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Thursday, March 17, 2011

casting off...a book review

in honor of st. paddy's day, i give you a book review about ireland, ganseys, forgiveness and love.  grab yourself a green beer and snuggle up with this book!

casting off by nicole r. dickson sat on my bookshelf for many months.  i bought it at KDO last fall from the mannings.  one evening i found myself at a loss for reading (!!!) and found the book.  i'm so glad i did!

casting off tells the story of rebecca, a teacher and fiber artist, who receives a grant to study aran "ganseys" in ireland.  she and her young daughter, rowan, travel to the small island where her best friend sharon lives.  rebecca looks forward to her new work, as a way of getting away from her painful past.  rebecca was abused both physically and emotionally by rowan's father.  sharon invites her to the island, so small that it only has one car, assuring her that she and her daughter will be completely safe there.

life on "the island" is peaceful and simple.  the island residents know rebecca from sharon's stories and incorporate her into their lives.  rebecca establishes home for herself and rowan in a small guest cottage.  her daughter befriends an elderly fisherman, sean morahan.  sean battles demons from his past, with most residents holding him at arm's length.  rebecca learns of sean's past and forbids her daughter from interaction with the man.  sean, on the other hand, is initially annoyed by the child, but eventually warms up to her.  rowan enjoys learning about the island's traditions from sean, especially the tunes sean teaches her on her whistle.

sharon is not on the island when rebecca arrives - she is actually on the mainland, awaiting the birth of her child after a high risk pregnancy.  rebecca becomes acquainted with sharon's childhood friend, fionn.  fionn, aware of rebecca's past and painful relationship, tries to melt her frosty demeanor with his charm and wit.  rebecca is eager to start her research.  the residents, however, teach their spinning and knitting techniques at their pace, sometimes frustrating her.

in the end, a near tragedy changes rebecca's opinion of sean.  at the same time, the tragedy allows sean to finally forgive himself and purge his demons.  rebecca finally realizes that she is in a safe place and that she can let go of the past.  in doing so, she opens herself to love and a new life for not only herself but rowan as well.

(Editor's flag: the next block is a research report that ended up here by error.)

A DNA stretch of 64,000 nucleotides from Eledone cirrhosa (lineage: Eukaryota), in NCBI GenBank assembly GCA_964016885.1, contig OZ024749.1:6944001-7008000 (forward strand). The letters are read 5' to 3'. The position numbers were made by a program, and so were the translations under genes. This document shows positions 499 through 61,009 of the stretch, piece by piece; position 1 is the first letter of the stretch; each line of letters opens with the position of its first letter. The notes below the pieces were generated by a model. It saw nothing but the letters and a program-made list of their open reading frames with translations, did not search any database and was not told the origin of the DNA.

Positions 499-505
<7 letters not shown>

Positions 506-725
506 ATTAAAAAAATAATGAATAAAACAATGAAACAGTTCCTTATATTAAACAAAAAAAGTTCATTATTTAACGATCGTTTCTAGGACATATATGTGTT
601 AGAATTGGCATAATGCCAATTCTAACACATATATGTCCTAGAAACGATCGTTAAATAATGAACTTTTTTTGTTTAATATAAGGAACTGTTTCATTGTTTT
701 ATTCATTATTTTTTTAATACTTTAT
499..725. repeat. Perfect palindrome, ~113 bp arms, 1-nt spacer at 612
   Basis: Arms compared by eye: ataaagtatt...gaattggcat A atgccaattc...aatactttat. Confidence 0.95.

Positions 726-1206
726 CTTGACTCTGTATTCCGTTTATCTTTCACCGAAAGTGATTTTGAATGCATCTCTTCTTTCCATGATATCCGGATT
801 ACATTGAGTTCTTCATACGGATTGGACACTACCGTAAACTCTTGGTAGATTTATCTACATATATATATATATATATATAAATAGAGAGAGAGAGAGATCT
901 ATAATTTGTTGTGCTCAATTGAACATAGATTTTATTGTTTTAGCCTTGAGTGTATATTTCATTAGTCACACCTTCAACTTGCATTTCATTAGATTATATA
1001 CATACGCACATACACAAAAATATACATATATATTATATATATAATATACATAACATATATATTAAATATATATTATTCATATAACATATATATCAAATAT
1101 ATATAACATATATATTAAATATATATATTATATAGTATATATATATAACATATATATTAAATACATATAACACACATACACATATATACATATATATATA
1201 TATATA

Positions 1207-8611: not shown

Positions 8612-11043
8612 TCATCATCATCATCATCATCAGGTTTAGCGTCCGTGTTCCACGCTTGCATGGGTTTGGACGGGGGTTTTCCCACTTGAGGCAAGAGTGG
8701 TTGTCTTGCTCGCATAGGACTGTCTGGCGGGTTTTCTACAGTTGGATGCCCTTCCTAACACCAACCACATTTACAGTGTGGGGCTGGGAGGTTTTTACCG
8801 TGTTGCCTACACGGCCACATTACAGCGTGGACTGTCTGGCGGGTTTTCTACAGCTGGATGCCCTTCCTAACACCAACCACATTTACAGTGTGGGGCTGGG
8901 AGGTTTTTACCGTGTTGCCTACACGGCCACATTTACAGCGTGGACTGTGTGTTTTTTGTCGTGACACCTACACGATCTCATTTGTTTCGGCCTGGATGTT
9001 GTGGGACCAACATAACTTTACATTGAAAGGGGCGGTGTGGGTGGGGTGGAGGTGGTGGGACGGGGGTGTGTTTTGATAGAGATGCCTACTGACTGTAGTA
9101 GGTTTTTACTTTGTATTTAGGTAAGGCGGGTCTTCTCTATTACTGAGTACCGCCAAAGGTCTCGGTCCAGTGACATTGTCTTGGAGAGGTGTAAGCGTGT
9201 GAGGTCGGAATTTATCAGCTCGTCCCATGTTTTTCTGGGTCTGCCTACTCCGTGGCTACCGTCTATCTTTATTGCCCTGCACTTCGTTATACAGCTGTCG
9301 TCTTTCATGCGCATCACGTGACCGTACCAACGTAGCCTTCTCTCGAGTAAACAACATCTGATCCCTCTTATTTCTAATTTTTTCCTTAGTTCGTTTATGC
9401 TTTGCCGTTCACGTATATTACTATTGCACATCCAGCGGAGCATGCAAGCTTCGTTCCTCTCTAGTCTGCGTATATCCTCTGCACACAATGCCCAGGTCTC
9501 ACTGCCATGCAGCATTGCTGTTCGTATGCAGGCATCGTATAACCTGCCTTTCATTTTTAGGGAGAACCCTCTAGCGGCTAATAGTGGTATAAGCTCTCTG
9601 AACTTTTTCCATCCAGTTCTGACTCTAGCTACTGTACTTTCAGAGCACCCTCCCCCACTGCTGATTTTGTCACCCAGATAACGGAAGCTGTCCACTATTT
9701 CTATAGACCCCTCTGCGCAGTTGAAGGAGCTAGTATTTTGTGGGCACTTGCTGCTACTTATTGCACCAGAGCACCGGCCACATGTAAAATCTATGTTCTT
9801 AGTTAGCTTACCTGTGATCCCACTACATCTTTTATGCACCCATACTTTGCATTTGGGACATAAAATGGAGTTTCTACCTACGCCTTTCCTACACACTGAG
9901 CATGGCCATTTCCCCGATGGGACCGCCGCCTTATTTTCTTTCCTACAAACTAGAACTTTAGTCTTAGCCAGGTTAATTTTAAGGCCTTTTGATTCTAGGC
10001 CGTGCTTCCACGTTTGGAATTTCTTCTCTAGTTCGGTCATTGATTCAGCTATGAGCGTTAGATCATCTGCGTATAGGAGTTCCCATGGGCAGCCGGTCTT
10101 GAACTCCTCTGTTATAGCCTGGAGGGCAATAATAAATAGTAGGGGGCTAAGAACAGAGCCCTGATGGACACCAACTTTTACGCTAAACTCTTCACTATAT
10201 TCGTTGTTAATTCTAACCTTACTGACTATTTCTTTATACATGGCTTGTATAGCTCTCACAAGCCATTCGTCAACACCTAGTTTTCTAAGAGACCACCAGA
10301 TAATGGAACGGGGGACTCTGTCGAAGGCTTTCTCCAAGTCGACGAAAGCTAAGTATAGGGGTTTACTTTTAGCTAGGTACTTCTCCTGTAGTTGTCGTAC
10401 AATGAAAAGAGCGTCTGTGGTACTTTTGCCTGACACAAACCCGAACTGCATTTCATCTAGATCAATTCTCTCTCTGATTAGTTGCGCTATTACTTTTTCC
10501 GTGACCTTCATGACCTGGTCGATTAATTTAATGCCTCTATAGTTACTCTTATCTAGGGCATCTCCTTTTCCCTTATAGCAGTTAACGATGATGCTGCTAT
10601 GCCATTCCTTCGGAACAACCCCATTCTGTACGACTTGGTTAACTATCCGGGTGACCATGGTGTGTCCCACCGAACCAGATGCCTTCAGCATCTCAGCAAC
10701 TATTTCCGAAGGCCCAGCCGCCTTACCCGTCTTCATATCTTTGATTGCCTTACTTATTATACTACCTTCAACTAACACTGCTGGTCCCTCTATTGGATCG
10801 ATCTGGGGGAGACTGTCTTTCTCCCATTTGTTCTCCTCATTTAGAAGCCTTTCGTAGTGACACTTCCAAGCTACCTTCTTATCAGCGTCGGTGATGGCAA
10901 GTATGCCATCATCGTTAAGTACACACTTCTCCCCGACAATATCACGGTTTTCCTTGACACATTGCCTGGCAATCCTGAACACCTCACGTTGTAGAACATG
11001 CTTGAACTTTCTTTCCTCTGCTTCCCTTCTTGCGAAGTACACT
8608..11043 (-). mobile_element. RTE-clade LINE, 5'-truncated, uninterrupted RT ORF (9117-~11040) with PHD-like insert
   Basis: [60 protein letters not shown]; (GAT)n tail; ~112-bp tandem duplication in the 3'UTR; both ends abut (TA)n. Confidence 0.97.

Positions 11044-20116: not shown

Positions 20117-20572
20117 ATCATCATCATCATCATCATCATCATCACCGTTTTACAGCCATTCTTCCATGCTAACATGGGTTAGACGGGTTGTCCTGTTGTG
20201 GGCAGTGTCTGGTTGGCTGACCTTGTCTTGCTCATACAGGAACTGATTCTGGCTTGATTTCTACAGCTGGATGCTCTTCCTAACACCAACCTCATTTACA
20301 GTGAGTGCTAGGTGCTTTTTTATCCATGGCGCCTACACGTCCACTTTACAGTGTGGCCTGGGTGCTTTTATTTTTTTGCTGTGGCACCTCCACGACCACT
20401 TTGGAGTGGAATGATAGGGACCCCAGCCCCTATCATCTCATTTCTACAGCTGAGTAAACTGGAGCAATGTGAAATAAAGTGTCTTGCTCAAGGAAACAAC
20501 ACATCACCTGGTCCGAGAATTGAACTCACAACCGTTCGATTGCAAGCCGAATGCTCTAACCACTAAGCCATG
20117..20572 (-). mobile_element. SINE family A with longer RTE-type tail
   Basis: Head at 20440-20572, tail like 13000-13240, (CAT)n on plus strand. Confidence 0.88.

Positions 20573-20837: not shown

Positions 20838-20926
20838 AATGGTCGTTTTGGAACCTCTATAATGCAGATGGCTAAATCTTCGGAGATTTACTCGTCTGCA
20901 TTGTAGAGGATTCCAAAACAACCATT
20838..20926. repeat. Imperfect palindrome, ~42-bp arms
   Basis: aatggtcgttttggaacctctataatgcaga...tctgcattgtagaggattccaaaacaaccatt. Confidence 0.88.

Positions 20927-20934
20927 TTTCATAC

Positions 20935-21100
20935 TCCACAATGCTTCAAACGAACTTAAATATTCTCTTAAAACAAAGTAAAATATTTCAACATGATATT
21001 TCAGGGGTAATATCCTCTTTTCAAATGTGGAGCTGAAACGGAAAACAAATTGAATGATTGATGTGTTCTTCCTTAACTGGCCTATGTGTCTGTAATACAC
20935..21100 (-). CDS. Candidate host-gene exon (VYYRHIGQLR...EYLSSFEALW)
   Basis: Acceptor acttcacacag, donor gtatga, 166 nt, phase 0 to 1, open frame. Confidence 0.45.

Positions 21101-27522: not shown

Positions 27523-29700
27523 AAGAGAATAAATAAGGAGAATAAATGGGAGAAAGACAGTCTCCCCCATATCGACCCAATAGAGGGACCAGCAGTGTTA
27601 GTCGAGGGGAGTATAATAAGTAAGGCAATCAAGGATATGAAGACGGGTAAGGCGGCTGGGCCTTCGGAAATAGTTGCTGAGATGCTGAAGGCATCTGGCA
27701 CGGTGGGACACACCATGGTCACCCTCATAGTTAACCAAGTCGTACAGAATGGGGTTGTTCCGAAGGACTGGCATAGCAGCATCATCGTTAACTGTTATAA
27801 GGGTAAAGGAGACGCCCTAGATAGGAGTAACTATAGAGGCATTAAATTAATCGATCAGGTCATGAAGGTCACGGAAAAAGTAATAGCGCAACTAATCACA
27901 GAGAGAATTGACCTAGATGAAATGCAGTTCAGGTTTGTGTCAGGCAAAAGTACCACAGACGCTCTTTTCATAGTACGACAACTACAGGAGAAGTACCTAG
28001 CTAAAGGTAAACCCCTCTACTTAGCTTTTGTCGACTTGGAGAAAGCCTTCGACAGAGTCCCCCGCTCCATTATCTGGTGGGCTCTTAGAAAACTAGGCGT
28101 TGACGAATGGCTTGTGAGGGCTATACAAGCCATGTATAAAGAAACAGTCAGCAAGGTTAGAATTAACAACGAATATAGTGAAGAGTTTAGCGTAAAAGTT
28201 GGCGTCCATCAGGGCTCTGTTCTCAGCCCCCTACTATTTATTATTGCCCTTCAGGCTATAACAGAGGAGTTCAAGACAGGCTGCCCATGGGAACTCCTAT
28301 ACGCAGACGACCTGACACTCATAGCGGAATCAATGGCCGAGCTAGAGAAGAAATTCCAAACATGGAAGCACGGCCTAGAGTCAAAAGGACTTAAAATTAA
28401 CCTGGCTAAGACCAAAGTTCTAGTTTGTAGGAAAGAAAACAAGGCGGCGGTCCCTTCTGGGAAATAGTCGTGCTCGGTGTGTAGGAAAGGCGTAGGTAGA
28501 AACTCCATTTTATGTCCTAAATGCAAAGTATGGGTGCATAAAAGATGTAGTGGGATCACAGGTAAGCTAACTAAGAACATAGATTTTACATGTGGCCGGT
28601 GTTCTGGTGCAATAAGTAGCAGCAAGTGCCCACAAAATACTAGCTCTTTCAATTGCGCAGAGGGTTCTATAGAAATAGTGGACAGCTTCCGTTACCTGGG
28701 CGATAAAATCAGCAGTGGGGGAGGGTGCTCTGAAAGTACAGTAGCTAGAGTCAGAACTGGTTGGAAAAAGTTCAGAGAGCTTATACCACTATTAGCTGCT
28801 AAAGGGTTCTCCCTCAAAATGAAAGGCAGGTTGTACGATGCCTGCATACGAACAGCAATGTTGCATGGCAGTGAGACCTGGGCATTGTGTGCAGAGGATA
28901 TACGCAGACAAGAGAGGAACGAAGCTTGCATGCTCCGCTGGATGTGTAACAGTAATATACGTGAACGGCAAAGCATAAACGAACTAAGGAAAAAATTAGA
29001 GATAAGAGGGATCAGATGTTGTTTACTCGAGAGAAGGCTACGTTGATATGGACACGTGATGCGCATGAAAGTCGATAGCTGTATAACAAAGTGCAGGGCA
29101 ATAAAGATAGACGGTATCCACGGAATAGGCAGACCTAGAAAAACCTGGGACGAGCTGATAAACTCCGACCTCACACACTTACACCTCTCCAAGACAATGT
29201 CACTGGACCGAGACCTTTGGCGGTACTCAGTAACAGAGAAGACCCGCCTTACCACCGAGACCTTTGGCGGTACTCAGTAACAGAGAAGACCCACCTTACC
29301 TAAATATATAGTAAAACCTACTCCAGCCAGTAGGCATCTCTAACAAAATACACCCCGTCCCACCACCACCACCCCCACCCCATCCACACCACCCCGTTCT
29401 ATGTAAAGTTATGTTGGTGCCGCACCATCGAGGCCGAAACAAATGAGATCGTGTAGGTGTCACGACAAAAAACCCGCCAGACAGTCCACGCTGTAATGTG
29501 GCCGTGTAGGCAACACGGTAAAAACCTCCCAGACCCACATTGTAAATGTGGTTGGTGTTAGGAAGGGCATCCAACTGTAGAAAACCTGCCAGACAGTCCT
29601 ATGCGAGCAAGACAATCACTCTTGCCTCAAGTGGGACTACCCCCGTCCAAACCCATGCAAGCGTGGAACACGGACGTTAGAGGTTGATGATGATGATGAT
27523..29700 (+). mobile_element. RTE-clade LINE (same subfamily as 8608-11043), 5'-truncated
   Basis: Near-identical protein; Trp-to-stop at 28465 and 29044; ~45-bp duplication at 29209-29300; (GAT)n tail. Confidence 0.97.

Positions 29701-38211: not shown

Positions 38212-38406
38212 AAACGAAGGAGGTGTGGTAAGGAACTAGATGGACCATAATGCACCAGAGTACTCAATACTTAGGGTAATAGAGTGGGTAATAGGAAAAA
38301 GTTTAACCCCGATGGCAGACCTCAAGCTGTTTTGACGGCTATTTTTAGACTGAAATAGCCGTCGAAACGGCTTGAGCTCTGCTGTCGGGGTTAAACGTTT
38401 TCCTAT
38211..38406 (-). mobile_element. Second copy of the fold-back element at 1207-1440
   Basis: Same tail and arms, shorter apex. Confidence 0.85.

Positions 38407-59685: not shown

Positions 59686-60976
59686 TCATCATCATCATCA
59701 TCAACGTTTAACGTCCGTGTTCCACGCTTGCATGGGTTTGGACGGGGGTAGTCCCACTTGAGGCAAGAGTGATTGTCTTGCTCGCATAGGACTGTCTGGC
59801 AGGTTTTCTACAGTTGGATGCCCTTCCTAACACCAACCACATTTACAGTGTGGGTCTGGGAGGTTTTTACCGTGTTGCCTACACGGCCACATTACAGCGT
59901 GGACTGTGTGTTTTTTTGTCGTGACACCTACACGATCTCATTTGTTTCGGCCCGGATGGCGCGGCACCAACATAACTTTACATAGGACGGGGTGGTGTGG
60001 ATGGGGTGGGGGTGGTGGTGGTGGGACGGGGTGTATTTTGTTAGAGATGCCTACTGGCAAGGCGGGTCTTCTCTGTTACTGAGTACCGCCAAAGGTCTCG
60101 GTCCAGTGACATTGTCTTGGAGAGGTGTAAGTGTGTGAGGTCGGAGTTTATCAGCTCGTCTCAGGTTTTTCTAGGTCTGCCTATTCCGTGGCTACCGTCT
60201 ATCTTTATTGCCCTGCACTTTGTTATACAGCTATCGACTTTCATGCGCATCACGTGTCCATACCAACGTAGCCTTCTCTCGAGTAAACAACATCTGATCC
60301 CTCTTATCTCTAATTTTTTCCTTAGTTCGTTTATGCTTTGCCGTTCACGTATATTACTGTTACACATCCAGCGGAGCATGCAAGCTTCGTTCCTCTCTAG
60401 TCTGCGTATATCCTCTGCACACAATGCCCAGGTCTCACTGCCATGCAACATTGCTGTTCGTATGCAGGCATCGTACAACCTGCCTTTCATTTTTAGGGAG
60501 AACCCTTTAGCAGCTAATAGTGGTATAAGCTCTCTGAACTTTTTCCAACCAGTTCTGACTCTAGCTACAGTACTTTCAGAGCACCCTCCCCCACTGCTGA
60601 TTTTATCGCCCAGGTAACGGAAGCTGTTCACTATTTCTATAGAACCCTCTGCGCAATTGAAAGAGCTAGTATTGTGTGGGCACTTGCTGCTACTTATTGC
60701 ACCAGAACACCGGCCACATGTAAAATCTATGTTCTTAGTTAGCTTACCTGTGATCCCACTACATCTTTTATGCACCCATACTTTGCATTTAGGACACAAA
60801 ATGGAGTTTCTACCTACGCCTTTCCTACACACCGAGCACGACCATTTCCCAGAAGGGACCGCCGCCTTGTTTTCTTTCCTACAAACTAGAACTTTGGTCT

this book was a delightful read.  normally i'll devour a book in a couple of days.  it took me a couple of weeks to read casting off, becos i relished the surprises within.  i loved imagining the scenery of the island, the bumpy roads, the lush greenness, the wind off the sea, the cozy cottages with their peat fires.  if anything, it made me want to book a flight to island and visit the land of my ancestors. i had fun trying to pronounce the irish names.  i love the name siobian - it was a name i liked when we were pregnant - but it would have been a bit of a tongue twister for our child (siobian shearer siobian shearer siobian shearer).

each chapter was prefaced with an epigraph from a chapter of a book called a binding love.  the book, written by one of the characters in the book, told the history of the island, both the people and the knitting patterns.  i hope that ms. dickson expands on a binding love, as it sounds really delightful.

the few criticisms i have about casting off is that there was no free pattern nor recipe in the back of the book.  a small, stupid criticism, but i was hoping that a book that was supposed to be about ganseys, would have had a gansey pattern in it.  if not a sweater, then maybe a hat or a scarf.  foodwise, the irish have many delish dishes - maybe a recipe for bangers and mash, or at least rebecca's favorite american barbecued chicken or famous potato salad.

rebecca's painful past took a long time to be revealed.  i understand why the author stretched out the story line - it heightens the suspense - i just wanted to find out what happened to rebecca's ex.  i suppose i could have flipped through the chapters and found out, but i didn't.

casting off is a story about facing one's past and learning to forgive and move forward in life.  it's about finding a safe place and unconditional kindness and love.  it's about opening yourself up to opportunity, despite pain and uncertainty.

i give casting off **** out of *****

1 comment:

  1. I'm in the midst of reading this book right now too! Isn't it excellent? It's definitely one I will suggest to friends, even non-knitters!


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